Ever since I moved to Penang in 2017, I’d always bemoaned the lack of a Punjabi restaurant in George Town, amidst its sizeable Indian population. Majority of Indian restaurants in Penang are Tamil-Muslim, Tamil vegetarian and Tamilian banana leaf rice joints, with a few North Indian spots offering generic renditions of tandooris, naan and butter chicken.
I satisfy my yearning for Punjabi food mainly at the langar (communal kitchen) of the Wadda Gurdwara (Sikh temple). But gurdwaras usually serve only vegetarian fare in their langars, so one cannot find those rich, meaty curries which Punjabi cuisine is renowned for.
So, I was more than delighted when I came across a 4-day-old Punjabi restaurant: Sardaarji - Flavours of Punjab on China Street (near the intersection with Beach Street) last Sunday whilst looking for a quick bite in-between watching the street performances at the George Town Festival (the annual arts fest which Penang is famous for).
The flatbreads were kneaded, rolled out and griddle-cooked upon order - the chapatis and the potato-stuffed aloo parathas we had were especially delicious: soft and fluffy as only freshly-made flatbreads could be.
To go with the flatbreads, we ordered a few types of meats - all of which were typical Punjabi renditions: spicy, greasy and heavy!!
Rogan josh - an ultra-spicy, tomato-ey mutton stew, bursting with aromatic spices and perked up with ginger & chillis. The chunks of mutton were served on-the-bone but tender.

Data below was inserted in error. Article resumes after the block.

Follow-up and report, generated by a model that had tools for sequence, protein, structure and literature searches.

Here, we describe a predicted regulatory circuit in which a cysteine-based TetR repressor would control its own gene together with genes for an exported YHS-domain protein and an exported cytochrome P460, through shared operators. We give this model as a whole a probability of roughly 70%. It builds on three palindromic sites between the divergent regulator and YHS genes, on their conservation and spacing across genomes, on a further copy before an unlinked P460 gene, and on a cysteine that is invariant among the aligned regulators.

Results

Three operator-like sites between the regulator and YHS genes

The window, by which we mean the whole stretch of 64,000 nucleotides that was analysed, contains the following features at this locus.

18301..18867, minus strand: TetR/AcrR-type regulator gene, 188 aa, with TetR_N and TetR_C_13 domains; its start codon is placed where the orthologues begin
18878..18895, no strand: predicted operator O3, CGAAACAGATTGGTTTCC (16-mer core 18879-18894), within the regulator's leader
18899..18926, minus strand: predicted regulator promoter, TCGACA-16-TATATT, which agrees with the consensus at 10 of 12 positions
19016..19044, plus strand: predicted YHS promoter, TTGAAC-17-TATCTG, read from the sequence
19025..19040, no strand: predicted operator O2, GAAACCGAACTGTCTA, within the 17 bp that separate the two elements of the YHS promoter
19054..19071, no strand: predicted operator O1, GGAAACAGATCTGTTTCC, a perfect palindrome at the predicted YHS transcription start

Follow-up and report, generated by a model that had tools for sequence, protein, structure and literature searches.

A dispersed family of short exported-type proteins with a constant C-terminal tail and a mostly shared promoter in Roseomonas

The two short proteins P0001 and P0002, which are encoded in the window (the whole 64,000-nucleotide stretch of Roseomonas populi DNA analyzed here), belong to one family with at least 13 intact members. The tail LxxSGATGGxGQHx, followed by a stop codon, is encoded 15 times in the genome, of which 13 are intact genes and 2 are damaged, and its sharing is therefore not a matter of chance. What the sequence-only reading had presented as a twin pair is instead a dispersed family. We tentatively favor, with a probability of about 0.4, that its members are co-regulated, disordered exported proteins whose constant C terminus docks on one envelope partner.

Mutton kurma - this is a Punjabi rendition, hence it doesn’t have the light-coloured beige gravy one tends to associate with kurma/korma. Instead, one has a fiery-red, spicy rendition, replete with shredded mutton meat, onions and crisp-fried shallots.
Punjabi chicken - this is a dry-ish curry with a strong tomato-onion flavour. The chicken meat was fall-off-the-bone tender.
Palak paneer - this was the standard classic Indian cheese and spinach number, and not much different from the renditions in other North Indian restaurants.
Aloo gobi - another classic North Indian preparation of cauliflower paired with potaoes. The Punjabi version is much greasier from the liberal amounts of ghee used in the cooking.
Dhal tadka - one of my faves: yellow dhal/lentil curry. Again, it’s a variant of the common dhal curry - the Punjabi rendition being rather spicier.
For a new set-up, the kitchen is working like clockwork, churning out some very good Punjabi fare which was as I had expected.
Sardaarji - Flavours of Punjab
6 China Street (Lebuh China)
George Town 10200
Opening hours: 11am to 10pm Tue to Sun. Closed on Mondays.